Senate Documents Volume 75, P. 2

Senate Documents Volume 75, P. 2

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This historic book may have numerous typos and missing text. Purchasers can usually download a free scanned copy of the original book (without typos) from the publisher. Not indexed. Not illustrated. 1854 edition. Excerpt: ...that much drinking is one of the conditions. VVhatever good ideas may be instilled into their minds by the worship in the morning, are generally lost under the effects of strong drinks at night. This custom shocks the stranger. An_ excuse has been ofiered by some who resided among the more savage race of men, that in the exertions of the Jesuits to change the worship of these people from their own barbarous imitations of the actions of tigers and poisonous serpents, the priests were obliged to allow them to continue many of the most innocent popular customs, such as dancing, singing, and drinking, as well as fighting sham battles on a Sunday evening, until they were enabled to lead them gradually to perceive these were not the forms of worship which would most please the Almighty. Among these Indians, as among the people of Japan, "every custom is a part of their religion." Music has a powerful effect upon the savage, and therefore the Jesuits encoufaged them to cultivate it, and as its influence over the limbs of the women was so great, that they could not stand still during that part of the church ser-vice, it was thought best to permit them to dance at the door, after which they quietly entered to say their prayers. But when the music commenced again they-returned to dance in their savage fashion. They are naturally a good and tractable people, finally willing to do their dancing at home, or only on particular occasions at church after the J esnits were long enough among them. At the present day there are times when the war "dance is allowed in front of the church, performed by the able-bodied men of the nation with war clubs and hatchets in their hands. The drinking of chicha was a portion of the primitive worship more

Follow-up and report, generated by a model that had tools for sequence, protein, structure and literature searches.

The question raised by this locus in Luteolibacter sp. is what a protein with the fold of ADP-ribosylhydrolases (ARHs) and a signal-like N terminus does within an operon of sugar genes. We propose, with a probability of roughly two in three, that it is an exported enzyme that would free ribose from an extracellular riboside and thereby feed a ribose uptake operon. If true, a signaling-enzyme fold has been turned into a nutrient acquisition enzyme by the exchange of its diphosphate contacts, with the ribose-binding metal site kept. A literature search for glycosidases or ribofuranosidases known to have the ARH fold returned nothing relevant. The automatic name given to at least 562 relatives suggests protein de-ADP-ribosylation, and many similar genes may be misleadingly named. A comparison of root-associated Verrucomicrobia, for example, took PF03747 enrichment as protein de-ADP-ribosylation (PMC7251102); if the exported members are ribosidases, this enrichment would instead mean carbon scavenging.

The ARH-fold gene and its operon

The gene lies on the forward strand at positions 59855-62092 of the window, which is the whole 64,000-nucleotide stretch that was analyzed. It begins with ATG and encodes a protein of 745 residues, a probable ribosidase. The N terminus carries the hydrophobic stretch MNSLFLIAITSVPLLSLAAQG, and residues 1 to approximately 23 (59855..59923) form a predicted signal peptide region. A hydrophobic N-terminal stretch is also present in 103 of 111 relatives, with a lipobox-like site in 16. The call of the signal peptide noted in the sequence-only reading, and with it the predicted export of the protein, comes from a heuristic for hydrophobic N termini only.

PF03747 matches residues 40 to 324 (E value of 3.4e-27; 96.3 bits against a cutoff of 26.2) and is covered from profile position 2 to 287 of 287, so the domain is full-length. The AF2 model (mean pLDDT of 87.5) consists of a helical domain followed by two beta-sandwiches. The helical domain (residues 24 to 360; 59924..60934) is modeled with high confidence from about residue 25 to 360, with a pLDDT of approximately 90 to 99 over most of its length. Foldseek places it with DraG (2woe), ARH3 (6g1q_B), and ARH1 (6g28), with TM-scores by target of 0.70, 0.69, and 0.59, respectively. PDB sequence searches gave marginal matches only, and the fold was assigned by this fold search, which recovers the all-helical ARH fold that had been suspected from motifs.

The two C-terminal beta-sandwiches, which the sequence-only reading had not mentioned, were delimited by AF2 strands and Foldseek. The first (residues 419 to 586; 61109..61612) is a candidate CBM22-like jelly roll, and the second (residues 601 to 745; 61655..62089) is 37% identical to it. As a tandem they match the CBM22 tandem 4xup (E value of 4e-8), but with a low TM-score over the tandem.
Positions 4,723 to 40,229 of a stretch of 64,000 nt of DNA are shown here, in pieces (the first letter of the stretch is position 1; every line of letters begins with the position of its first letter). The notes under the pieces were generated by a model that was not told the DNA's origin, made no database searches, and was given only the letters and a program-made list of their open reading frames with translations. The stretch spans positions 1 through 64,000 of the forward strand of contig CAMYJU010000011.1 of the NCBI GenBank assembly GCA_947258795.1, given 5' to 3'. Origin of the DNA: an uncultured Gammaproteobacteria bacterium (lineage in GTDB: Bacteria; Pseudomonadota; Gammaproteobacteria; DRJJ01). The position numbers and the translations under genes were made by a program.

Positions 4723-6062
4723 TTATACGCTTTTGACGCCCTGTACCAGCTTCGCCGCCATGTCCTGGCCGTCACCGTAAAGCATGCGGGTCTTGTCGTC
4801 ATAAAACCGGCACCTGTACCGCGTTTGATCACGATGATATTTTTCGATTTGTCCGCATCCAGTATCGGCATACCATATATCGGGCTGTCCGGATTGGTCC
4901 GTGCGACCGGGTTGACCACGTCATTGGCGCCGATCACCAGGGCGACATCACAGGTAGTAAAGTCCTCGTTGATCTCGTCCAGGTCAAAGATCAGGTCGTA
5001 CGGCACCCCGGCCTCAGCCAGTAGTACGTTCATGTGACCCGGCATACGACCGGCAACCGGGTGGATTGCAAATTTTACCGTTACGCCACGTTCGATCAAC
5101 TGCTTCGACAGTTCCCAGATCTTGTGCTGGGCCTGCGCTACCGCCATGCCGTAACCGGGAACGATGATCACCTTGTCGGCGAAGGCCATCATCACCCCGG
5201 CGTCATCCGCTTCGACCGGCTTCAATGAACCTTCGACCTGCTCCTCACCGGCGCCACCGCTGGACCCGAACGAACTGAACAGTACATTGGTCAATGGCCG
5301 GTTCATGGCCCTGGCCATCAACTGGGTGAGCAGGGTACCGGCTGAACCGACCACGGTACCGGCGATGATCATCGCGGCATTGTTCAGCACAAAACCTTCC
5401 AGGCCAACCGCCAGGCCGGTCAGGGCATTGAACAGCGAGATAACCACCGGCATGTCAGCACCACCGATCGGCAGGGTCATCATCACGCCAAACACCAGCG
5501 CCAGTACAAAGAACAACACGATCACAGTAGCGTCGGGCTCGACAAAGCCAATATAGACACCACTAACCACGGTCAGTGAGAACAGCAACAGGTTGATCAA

Product details

  • Paperback | 136 pages
  • 189 x 246 x 7mm | 254g
  • United States
  • English
  • black & white illustrations
  • 1236813251
  • 9781236813251